The 2019 Napa Valley Writers’ Conference faculty members in fiction, poetry, and translation are listed below. Be sure to click through to read their complete profiles on our blog.
You may also peruse the full list of visiting faculty and speakers from 1981 to the present.
Eavan Boland is the author of, most recently, A Woman Without a Country and New Collected Poems. Her other books of poetry include Domestic Violence, Against Love Poetry, The Lost Land, and In a Time of Violence. Boland is also the author of two books of prose, Object Lessons: The Life of the Woman and the Poet in Our Time and A Journey with Two Maps: Becoming a Woman Poet.
Forrest Gander is a writer and translator with degrees in geology and literature. He was born in the Mojave Desert, grew up in Virginia, and taught for many years at Brown University with his wife, the poet CD Wright. Among Gander’s most recent books are Be With, the novel The Trace, and Eiko & Koma, a collaboration with the eponymous movement artists. Gander’s book Core Samples from the World was a finalist for the Pulitzer Prize and the National Book Critics Circle Award.
Jane Hirshfield is the author of eight collections of poetry, most recently The Beauty, a San Francisco Chronicle best book of the year and long-listed for the 2015 National Book Award. Her second collection of essays, Ten Windows: How Great Poems Transform the World, received the 2015 Northern California Book Award. Hirshfield’s work appears frequently in The New Yorker, The Atlantic, Poetry, The Times Literary Supplement, The New York Review of Books, and eight editions of The Best American Poetry.
Major Jackson is the author of four books of poetry, including Roll Deep (2015), Holding Company (2010), Hoops (2006) and Leaving Saturn (2002), which won the Cave Canem Poetry Prize for a first book of poems. He is the editor of the Library of America’s Countee Cullen: Collected Poems. Jackson is the recipient of fellowships from the Fine Arts Work Center in Provincetown, the Guggenheim Foundation, the National Endowment for the Arts, and the Radcliffe Institute for Advanced Study at Harvard.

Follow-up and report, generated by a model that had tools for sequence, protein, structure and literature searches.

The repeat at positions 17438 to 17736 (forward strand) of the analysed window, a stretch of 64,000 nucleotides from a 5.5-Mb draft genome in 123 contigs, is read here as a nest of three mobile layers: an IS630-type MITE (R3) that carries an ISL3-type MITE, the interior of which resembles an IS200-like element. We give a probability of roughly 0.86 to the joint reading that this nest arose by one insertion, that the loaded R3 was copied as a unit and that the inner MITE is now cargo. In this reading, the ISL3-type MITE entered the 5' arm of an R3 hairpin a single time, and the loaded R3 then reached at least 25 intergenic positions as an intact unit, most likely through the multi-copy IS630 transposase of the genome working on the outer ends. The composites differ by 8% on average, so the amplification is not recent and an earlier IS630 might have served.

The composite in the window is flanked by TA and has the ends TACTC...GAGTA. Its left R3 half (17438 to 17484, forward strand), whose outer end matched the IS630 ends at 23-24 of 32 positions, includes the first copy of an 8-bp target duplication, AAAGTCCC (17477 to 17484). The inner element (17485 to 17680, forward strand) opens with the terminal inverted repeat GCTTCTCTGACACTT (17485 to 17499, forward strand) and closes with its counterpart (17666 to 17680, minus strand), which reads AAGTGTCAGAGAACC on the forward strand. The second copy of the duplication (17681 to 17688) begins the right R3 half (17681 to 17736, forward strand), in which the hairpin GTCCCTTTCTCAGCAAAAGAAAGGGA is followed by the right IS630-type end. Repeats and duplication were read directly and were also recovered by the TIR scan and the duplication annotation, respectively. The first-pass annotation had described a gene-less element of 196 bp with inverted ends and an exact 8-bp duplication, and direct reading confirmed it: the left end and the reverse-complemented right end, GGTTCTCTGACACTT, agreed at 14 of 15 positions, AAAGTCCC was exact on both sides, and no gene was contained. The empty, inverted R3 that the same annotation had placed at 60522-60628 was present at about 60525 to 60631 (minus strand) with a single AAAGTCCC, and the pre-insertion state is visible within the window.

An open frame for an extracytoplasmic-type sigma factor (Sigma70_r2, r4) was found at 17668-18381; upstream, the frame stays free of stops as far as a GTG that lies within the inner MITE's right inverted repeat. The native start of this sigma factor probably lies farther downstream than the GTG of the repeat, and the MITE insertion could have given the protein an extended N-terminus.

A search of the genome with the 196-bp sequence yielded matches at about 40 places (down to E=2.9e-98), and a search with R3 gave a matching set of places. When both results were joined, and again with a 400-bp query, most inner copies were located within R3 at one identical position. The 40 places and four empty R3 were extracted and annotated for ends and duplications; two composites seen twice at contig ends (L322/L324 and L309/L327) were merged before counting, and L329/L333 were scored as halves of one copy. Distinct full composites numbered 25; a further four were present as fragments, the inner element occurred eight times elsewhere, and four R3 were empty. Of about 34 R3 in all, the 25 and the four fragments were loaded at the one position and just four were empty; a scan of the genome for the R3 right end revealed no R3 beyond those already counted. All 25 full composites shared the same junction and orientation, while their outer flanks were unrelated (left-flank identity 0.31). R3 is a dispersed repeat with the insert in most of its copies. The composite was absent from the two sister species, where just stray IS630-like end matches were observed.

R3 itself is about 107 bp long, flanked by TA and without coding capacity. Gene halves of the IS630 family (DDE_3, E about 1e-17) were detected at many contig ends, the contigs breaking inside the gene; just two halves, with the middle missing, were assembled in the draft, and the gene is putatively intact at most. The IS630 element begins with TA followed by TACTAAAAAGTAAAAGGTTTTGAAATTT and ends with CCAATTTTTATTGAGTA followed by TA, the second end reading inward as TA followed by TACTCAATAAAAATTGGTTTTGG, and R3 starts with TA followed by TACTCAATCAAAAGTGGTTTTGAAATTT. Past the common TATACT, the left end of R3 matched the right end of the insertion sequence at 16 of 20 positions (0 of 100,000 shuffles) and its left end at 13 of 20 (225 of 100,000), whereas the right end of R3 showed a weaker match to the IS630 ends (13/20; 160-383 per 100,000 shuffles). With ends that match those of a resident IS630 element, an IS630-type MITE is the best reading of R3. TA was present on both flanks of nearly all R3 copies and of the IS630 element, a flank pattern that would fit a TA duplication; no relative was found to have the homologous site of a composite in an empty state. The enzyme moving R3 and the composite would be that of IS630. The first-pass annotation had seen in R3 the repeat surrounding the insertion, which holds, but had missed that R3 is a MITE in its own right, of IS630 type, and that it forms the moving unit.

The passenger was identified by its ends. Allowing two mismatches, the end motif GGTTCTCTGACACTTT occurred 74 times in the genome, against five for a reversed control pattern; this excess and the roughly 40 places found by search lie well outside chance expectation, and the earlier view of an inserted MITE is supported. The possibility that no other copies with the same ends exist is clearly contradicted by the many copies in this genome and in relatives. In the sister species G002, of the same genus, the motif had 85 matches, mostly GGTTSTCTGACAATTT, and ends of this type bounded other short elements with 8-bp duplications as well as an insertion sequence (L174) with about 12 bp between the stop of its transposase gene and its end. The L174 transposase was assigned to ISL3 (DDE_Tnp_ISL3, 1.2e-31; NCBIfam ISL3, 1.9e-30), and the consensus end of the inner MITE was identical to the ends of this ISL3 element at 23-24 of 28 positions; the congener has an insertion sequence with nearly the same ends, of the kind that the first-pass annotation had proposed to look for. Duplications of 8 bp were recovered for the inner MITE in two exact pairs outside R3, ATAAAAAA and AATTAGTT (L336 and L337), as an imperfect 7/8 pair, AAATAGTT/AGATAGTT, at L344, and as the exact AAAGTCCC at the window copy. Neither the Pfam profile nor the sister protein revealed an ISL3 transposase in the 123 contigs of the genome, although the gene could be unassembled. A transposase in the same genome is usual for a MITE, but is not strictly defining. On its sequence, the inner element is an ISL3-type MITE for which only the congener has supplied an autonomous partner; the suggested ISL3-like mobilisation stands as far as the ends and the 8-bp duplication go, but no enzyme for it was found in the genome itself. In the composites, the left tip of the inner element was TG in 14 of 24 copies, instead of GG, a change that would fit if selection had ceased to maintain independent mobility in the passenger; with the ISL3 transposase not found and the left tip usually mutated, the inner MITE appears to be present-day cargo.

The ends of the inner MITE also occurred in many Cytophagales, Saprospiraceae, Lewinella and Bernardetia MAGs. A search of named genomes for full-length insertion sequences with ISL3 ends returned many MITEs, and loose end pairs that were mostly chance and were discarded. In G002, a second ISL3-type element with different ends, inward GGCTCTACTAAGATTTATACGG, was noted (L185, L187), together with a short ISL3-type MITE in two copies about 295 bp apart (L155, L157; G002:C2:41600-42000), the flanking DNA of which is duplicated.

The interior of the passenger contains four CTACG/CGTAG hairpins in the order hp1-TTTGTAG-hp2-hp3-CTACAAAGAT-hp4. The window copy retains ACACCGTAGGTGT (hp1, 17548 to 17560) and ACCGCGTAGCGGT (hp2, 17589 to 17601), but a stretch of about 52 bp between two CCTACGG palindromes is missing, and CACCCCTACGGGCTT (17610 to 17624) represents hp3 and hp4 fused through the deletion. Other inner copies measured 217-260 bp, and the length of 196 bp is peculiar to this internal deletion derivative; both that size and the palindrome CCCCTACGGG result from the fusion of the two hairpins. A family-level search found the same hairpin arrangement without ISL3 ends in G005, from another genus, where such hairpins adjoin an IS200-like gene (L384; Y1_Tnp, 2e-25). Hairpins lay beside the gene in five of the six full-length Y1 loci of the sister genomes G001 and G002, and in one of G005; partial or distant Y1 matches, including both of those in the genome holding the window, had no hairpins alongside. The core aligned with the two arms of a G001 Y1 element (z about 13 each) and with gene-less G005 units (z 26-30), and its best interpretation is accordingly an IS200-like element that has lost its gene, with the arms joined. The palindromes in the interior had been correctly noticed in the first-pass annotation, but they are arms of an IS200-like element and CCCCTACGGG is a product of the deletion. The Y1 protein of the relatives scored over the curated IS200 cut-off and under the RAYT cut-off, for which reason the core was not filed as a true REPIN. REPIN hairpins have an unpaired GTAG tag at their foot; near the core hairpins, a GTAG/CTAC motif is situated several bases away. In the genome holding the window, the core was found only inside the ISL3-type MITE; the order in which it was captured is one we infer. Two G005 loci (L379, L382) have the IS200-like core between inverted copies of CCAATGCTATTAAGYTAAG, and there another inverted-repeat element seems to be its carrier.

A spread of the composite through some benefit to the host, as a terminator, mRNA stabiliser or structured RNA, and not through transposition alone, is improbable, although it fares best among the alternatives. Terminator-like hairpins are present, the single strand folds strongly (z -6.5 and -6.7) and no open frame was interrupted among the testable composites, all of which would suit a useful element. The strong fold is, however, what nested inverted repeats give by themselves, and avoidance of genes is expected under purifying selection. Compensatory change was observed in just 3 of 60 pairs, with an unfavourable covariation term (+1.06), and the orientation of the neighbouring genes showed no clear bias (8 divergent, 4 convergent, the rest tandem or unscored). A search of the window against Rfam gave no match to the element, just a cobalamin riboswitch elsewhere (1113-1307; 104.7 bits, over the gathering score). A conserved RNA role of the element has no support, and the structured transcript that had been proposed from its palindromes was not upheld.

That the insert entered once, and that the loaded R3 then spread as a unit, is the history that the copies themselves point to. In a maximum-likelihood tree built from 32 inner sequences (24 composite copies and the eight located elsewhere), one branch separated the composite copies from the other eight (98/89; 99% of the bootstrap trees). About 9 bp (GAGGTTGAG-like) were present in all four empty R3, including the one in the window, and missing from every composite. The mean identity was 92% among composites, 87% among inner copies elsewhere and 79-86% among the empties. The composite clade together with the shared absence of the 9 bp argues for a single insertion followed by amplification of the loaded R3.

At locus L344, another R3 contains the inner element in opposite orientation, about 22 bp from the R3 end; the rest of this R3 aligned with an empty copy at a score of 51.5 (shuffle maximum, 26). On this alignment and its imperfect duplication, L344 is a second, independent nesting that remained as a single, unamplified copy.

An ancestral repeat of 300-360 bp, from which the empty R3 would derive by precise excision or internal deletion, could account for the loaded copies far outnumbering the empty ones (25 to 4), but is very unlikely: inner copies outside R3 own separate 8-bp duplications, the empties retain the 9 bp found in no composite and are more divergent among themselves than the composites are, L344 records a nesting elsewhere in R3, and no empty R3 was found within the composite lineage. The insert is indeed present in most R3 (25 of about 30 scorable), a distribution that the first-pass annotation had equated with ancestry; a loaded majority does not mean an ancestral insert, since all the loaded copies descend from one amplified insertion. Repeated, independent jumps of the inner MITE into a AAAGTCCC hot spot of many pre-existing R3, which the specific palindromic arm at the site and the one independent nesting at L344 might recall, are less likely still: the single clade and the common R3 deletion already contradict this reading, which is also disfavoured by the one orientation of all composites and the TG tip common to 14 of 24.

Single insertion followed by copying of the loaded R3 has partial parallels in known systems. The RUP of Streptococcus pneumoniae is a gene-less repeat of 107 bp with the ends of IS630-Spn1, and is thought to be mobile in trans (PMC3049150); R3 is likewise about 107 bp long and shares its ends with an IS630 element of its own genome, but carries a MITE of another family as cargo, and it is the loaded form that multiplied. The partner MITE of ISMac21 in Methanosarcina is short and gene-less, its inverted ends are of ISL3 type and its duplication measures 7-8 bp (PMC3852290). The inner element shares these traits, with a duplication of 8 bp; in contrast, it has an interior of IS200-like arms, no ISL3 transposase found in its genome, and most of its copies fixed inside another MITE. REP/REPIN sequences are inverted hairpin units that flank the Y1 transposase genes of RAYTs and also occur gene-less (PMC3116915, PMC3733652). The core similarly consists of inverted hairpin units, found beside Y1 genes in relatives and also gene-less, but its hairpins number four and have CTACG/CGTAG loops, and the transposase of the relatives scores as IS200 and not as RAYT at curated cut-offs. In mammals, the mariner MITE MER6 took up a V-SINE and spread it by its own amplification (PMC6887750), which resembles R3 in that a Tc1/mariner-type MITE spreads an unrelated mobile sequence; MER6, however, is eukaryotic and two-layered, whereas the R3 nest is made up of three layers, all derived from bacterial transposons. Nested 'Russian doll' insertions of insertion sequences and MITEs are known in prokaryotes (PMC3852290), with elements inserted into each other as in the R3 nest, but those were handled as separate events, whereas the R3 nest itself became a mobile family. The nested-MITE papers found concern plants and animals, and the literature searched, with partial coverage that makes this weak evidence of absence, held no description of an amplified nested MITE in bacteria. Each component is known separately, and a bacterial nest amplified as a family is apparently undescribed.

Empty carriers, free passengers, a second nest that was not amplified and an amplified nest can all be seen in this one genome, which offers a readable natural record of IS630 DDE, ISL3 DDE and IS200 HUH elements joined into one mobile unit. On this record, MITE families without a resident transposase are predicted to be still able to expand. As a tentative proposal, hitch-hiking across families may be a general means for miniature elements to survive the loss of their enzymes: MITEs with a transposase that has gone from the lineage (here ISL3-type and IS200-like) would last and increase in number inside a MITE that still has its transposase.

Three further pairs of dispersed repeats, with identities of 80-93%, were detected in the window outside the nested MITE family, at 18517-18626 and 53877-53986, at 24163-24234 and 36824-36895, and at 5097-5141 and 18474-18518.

Lan Samantha Chang
Lan Samantha Chang is the author of All is Forgotten, Nothing is Lost (2010), Inheritance (2004), and Hunger (1998). Her works have also appeared in Ploughshares, The Atlantic, and Best American Short Stories. Chang’s work was nominated for the PEN Center USA West Award and the PEN/Hemingway Literature Prize. She received the Wallace Stegner and Truman Capote fellowships from Stanford, and the Teaching-Writing fellowship and Michener-Copernicus fellowships from the Iowa Writers’ Workshop, as well as fellowships from Princeton University, the Radcliffe Institute, and more.
Ryan Harty’s story collection Bring Me Your Saddest Arizona (2003) received the John Simmons Award for Short Fiction, the San Francisco Chronicle’s Best Book of 2003, and Book of the Year from the Arizona Library Association. He is the recipient of a Stegner Fellowship, a Pushcart Prize and the Henfield-Transatlantic Review Award. Harty has taught at California College of the Arts, University of Michigan, Columbia University, the Iowa Writers’ Workshop, and Baruch College.
Mitchell S. Jackson
Mitchell S. Jackson’s debut novel The Residue Years (2013) received The Ernest J. Gaines Prize for Literary Excellence and was a finalist for The Center for Fiction Flaherty-Dunnan First Novel Prize, the PEN/Hemingway Award for Debut Fiction, and the Hurston/Wright Legacy Award. Jackson’s other honors include a Whiting Award, fellowships from the Lannan Foundation, the Ford Foundation, PEN America, TED, and the NYFA (New York Foundation for the Arts). His writing has appeared in The New York Times Book Review, The Paris […]
Julie Orringer is the author of two award-winning books: The Invisible Bridge, a novel, and the short-story collection How to Breathe Underwater, both New York Times Notable Books; her new novel, The Flight Portfolio, will be published this May. Her work has appeared in the Paris Review, Ploughshares, Zoetrope All-Story, and the Washington Post Magazine, as well as in anthologies such as The Granta Book of the American Short Story and The Scribner Anthology of American Short Fiction.
Howard Norman received the Harold Morton Landon Prize in translation from the Academy of American Poets, a grant from the Wenner-Gren Foundation, three National Endowment for the Arts fellowships, a National Endowment for the Humanities Fellowship, a Merrill Foundation Fellowship, and the Lannan Award in fiction. His memoir about working in the arctic with Inuit language and folklore is In Fond Remembrance of Me. He has taught in the MFA program at the University of Maryland since 1988.